The Physics Factbook™
Edited by Glenn Elert -- Written by his students
An educational, Fair Use website
topic index | author index | special index
|Bibliographic Entry||Result |
|Chapman, R. F. The Insects: Structure and Functions. New York: American Elsevier, 1969.||"In the Apis and Musca the frequency is about 190/second."||190 Hz|
|"Invertebrates: Insects." The World Book Encyclopedia of Science, The Animal World Edition. Chicago: World Book, 1987.||"The number of wing beats varies greatly from 4–20 in butterflies to 190 beats/second in bees and up to 1000 beats/second in a small fly."||190 Hz|
|Micucci, Charles. The Life and Times of the Honey Bee. United States: Houghton Mifflin, 1995.||"A honey bee has two pairs of wings that can beat 250 times/second."||250 Hz|
|Romoser, William J. The Science of Entomology. New York: Macmillan, 1973.||"Insect Wing Beats per sec |
Apis: 190, 108-23, 250"
|190 Hz |
|Smith, Robert H. Time Life for Children: Understanding Science and Nature. United States: Time, 1993.||"The bee's wings are small for its body, but beat 200 times per second letting the bee fly or hover in one spot."||200 Hz|
After an exhaustive search of various subject areas I was ableto find five different sources which contained a measurement forthe frequency of bee wings. Although all of the measurements containedin each of the five sources were close in their values, some variationsdid exist. One book even went so far as to give three differentvalues for the frequency compiled from various experiments andother resources. There may be many reasons why these numericalvalues vary even if it is only a slight difference.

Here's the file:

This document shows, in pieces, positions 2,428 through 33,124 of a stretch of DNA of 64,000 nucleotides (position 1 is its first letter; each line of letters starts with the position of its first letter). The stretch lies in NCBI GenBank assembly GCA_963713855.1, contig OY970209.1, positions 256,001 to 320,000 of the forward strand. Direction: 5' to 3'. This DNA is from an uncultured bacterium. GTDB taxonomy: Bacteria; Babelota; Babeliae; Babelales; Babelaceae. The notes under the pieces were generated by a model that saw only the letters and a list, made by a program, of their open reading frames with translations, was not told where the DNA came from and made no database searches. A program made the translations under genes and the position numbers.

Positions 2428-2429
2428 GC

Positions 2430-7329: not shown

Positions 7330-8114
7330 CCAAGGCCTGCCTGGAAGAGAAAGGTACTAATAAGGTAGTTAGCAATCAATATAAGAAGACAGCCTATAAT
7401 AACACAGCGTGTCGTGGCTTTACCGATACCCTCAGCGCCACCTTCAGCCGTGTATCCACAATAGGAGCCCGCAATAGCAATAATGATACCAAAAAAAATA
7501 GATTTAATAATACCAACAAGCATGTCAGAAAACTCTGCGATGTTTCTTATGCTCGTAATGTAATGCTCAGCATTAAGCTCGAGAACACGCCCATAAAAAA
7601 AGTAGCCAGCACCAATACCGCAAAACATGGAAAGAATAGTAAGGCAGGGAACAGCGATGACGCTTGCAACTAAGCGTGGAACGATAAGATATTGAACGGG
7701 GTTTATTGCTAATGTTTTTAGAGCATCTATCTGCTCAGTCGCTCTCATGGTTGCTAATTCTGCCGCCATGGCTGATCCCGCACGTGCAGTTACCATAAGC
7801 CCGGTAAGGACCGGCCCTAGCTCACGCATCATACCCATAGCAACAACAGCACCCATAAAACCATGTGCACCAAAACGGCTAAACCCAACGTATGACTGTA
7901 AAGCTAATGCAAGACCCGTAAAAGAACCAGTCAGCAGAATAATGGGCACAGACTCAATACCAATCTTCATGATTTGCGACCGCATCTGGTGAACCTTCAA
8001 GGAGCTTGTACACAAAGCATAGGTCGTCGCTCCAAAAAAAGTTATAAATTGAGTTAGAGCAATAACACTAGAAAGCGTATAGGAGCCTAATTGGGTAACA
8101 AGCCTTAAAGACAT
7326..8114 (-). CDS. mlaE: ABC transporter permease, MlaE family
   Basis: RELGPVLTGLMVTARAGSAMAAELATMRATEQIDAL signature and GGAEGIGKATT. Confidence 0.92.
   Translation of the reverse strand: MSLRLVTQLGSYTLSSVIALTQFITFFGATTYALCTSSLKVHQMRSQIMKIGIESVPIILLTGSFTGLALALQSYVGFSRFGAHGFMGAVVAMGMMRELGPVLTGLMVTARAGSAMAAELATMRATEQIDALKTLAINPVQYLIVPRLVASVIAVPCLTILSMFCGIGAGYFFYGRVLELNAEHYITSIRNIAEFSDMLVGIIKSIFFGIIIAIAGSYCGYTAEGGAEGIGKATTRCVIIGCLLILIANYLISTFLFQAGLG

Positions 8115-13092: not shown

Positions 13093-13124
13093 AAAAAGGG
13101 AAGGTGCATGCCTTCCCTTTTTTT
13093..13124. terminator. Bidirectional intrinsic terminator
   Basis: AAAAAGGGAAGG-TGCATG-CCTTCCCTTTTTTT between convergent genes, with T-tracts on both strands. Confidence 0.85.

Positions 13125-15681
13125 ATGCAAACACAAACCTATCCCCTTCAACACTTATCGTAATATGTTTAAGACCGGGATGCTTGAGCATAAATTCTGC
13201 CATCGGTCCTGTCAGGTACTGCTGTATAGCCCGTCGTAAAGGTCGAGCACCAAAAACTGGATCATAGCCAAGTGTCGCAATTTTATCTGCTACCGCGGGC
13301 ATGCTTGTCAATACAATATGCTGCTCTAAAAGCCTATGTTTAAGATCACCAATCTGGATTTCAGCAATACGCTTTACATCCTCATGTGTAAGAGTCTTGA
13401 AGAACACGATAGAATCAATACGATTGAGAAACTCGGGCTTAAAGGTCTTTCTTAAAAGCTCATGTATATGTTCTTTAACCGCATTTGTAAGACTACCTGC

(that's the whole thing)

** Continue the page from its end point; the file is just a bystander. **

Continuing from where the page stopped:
One reason for the difference is the varying ages of the beesused in the experiments. It stands to reason that the older thebee the slower the wing beat frequency because of the effectsof aging on the anatomical components of bee wings. Variationscan also be accounted for by slight variations of the size ofthe bee itself and of the wings as well. The larger the bee andits wings the lower the frequency will be because it will takemore time for longer wings to complete one full up and down motion,therefore beating fewer times per second. Yet another reason forthe discrepancy between each source may be that different typesof bees were used as models during the experiments. For exampleone book may have studied the wing beat frequency of Bumble Bees,while another studied the wing beat frequency of a Honey Bee.Wing structure, width, length and muscular components may be differentin each type of bee. There may also be a difference in the wingbeat frequencies of workers, drones, and queen bees. The variationmay be small but any change can alter the calculated frequency.
A measurement such as the frequency of bee wings can neverbe universally accepted. There are many different sources whichcontain conflicting information on this subject each with validdata or references to back their measurements up. It can not bedetermined which source has the correct value, but someone doingresearch has to realize that there are many underlying reasonsas to why the data varies.
Michelle Finnegan -- 1999
External links to this page:
|Another quality webpage by
|home | contact
bent | chaos | eworld | facts | physics